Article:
If you suspect that one of your applications has a memory leak then you need to check the active prosesses running. To do this on a Mac run the Activity Monitor (located in Utilities) and then click the column header for CPU% to see which app’s eating up all those CPU cycles or the real memory column to see how’s taking up all that space. Using this information you can either quit the app normally or, if it has become unresponsive, highlight the app in question and click the big red Quit Process button.
On a Windows system it’s a pretty similar process. Simply right click on the taskbar and select Start Task Manager from the context menu. Now click the column header for CPU to see which app’s monpolosing the CPU and click the column header for Memory to see who’s squatting in all that RAM. Highlight an application or process and click the End Process button to shut it down.
So someone’s built a 600,00 strong bot-net from unsecured Macs that were infected thanks to a Java weakness. Apple have plugged the hole (six months after its presence was first established) but there are still a lot of compromised Macs out there. If you’re concerned, download this simple checker, which will let you know instantly if your Mac’s in the army.
Here’s a great tip discovered by iDownloadblog that enables you to create custom shortcuts directly to system preferences such as wi-fi and brightness. It requires the use of a single $0.99c app and works on any iPhone whether it’s jailbroken or not.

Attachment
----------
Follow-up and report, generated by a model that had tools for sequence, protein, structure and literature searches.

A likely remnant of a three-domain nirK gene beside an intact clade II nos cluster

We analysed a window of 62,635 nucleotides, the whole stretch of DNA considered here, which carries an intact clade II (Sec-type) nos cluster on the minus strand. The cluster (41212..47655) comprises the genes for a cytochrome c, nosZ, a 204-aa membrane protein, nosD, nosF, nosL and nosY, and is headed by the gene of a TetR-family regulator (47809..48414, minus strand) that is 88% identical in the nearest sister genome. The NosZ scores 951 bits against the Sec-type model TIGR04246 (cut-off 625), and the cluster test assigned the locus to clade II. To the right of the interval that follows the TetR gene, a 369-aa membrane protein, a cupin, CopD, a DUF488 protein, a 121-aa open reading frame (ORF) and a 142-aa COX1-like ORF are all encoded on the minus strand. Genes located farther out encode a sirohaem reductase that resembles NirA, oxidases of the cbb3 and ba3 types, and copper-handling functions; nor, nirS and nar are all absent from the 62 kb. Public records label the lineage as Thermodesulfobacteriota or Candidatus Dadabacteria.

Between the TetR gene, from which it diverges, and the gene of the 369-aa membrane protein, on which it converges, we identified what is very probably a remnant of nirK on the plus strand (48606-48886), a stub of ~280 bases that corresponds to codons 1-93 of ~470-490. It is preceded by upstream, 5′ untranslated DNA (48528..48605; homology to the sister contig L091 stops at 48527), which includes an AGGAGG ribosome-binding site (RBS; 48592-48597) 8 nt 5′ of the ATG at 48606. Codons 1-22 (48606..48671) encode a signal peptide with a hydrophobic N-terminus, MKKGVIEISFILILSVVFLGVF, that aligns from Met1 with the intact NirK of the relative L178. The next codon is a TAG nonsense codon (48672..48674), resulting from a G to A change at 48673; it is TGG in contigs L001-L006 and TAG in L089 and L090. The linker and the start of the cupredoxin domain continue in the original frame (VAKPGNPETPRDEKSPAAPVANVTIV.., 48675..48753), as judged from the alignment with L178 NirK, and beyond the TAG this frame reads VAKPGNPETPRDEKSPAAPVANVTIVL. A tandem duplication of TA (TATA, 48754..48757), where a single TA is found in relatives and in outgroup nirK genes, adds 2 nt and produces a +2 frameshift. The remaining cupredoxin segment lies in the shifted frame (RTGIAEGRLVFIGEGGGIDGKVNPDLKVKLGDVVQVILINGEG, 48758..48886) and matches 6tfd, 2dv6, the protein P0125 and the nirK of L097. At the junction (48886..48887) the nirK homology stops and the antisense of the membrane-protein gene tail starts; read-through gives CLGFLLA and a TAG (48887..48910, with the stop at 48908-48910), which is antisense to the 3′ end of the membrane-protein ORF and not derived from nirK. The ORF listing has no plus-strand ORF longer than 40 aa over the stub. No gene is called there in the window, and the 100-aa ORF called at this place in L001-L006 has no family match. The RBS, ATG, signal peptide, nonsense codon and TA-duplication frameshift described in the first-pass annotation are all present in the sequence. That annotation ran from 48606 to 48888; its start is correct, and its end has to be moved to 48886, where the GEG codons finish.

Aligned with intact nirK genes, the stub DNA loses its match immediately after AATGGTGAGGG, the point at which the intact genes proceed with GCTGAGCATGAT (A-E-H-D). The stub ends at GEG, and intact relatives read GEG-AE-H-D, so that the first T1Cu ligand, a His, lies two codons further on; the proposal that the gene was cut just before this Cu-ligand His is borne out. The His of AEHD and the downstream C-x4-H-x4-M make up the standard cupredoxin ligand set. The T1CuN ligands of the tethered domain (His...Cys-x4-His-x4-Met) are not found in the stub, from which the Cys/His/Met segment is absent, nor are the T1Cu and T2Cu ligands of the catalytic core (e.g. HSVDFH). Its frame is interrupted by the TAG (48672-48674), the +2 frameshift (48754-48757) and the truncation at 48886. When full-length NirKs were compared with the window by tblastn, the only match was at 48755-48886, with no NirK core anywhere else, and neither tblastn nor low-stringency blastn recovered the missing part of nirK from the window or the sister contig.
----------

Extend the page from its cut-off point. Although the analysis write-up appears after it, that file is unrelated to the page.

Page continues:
For some time now, apps like Red Laser have proved to be a perennial favourite on both iOS and Android stores. But if you’ve got the free Google app installed on your iPhone or Android device then what you might not know is that you don’t need a separate app – the built-in Google Goggles will scan any bar code you throw at it.
To scan a code, fire up your Google app and click on the little camera icon to start the visual capture. Centre the bar or QR code that you want to scan in the centre of the screen and click the capture button. After a short pause, Google will decode the code and present you with clickable links to the entry it discovers. You can then search on any entry it finds, as per the screenshots below.
We all know the downsides of sitting at a keyboard and monitor for extended periods – poor posture, thrombosis and RSI amongst them. Getting up regularly and moving around will help alleviate many of these issues, but you can also help yourself by doing stretches at your desk to give your poor abused skeleton a bit of a break.
Taken from the book, Getting Back in Shape by Bob Anderson, bodybuilding legend Bill Pearl, exercise physiologist Ed Burke, and Olympic runner Jeff Galloway, the free PDFs released from the full book enable you to feel better and be more productive and potentially save yourself some expensive physio bills. Check out desk stretches and stress stretches and ease your way through the working day.